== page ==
Mentions: It is well established that CCK activates vagal primary afferents, interacting with CCK receptors in the periphery (22,23,34,35), but potentially also directly within the dorsal vagal complex (27,31,36). It has been shown that neurons of the NTS centralis were stimulated by CCK-8 via an increase in spontaneous glutamatergic but not GABAergic synaptic transmission (37), similar to the observation made here. In contrast with our current observations, however, Baptista et al. (37) found that the effect of CCK persisted in the presence of TTX, suggesting a direct presynaptic effect of CCK. In their study, ∼50% of those cells that responded to CCK were tyrosine hydroxylase immunoreactive and thus catecholaminergic. Catecholaminergic NTS neurons tend to be second order neurons (38), but a follow-up study by Baptista et al. (27) showed that the CCK response persisted in vagally deafferented rats, thus suggesting that CCK does not necessarily act on vagal terminals within the NTS. Our present study also indicates that although PPG neurons are mainly second order neurons (19), CCK-8 has no effect on the vagal afferents impinging directly onto these cells, but likely involves the activation of catecholaminergic cells, which modulate the release of glutamate onto the PPG neurons (Fig. 6).

Bottom Line: Inhibition of adrenergic signaling abolished the excitatory action of CCK.CCK activates NTS-PPG cells by a circuit involving adrenergic and glutamatergic neurons.NTS-PPG neurons integrate a variety of peripheral signals that indicate both long-term energy balance and short-term nutritional and digestional status to produce an output signal to feeding and autonomic circuits.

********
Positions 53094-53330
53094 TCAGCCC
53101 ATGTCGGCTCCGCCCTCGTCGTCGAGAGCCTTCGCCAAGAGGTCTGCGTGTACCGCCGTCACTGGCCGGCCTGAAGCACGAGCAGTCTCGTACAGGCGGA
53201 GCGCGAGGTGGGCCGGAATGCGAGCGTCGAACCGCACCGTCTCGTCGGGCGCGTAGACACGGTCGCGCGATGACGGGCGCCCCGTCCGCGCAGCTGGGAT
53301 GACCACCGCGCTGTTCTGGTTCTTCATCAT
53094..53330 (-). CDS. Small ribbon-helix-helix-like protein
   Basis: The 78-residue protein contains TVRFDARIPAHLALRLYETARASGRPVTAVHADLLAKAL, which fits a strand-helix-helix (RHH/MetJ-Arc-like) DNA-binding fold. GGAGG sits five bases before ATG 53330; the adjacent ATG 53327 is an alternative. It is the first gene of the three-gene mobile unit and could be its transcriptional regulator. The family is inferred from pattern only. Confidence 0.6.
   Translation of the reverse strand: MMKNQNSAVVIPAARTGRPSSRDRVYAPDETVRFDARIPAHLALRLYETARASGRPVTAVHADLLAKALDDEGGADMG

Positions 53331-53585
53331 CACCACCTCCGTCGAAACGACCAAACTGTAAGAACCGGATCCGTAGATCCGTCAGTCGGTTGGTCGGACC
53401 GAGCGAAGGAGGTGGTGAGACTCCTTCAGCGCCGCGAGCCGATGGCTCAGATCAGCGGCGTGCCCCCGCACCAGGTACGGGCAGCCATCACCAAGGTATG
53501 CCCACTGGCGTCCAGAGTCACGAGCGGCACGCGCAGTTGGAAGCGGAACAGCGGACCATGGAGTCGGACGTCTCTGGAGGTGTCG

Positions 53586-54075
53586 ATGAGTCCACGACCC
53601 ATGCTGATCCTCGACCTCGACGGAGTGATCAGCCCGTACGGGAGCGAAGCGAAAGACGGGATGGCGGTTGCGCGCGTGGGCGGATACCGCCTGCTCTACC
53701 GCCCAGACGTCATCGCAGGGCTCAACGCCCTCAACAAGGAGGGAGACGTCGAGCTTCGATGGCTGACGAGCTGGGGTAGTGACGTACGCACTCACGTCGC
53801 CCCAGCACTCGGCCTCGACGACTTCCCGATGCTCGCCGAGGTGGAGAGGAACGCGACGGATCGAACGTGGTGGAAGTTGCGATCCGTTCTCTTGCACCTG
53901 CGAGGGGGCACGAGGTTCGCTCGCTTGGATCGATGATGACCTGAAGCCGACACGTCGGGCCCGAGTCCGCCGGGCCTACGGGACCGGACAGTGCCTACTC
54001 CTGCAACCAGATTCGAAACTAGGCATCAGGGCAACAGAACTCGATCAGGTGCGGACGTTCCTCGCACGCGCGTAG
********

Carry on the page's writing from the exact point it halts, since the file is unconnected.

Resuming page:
View Article: PubMed Central - PubMed

Affiliation: Department of Surgery and Cancer, Imperial College London, London, UK.

ABSTRACT

Objective: Glucagon-like peptide 1 (GLP-1) is involved in the central regulation of food intake. It is produced within the brain by preproglucagon (PPG) neurons, which are located primarily within the brain stem. These neurons project widely throughout the brain, including to the appetite centers in the hypothalamus, and are believed to convey signals related to satiety. Previous work demonstrated that they are directly activated by leptin and electrical activity of the afferent vagus. Another satiety hormone, cholecystokinin (CCK), has also been linked to activation of brain stem neurons, suggesting that it might act partially via centrally projecting neurons from the nucleus tractus solitarius (NTS). The aim of this study was to investigate the neuronal circuitry linking CCK to the population of NTS-PPG neurons.

Research design and methods: Transgenic mice expressing yellow fluorescent protein (Venus) under the control of the PPG promoter were used to identify PPG neurons in vitro and to record their electrical and pharmacological profile.

Results: PPG neurons in the NTS were excited by CCK and epinephrine, but not by the melanocortin receptor agonist melanotan II. Both CCK and epinephrine acted to increase glutamatergic transmission to the PPG neurons, and this involved activation of α(1)-adrenergic receptors. Inhibition of adrenergic signaling abolished the excitatory action of CCK.

Conclusions: CCK activates NTS-PPG cells by a circuit involving adrenergic and glutamatergic neurons. NTS-PPG neurons integrate a variety of peripheral signals that indicate both long-term energy balance and short-term nutritional and digestional status to produce an output signal to feeding and autonomic circuits.

Show MeSH
Related in: MedlinePlus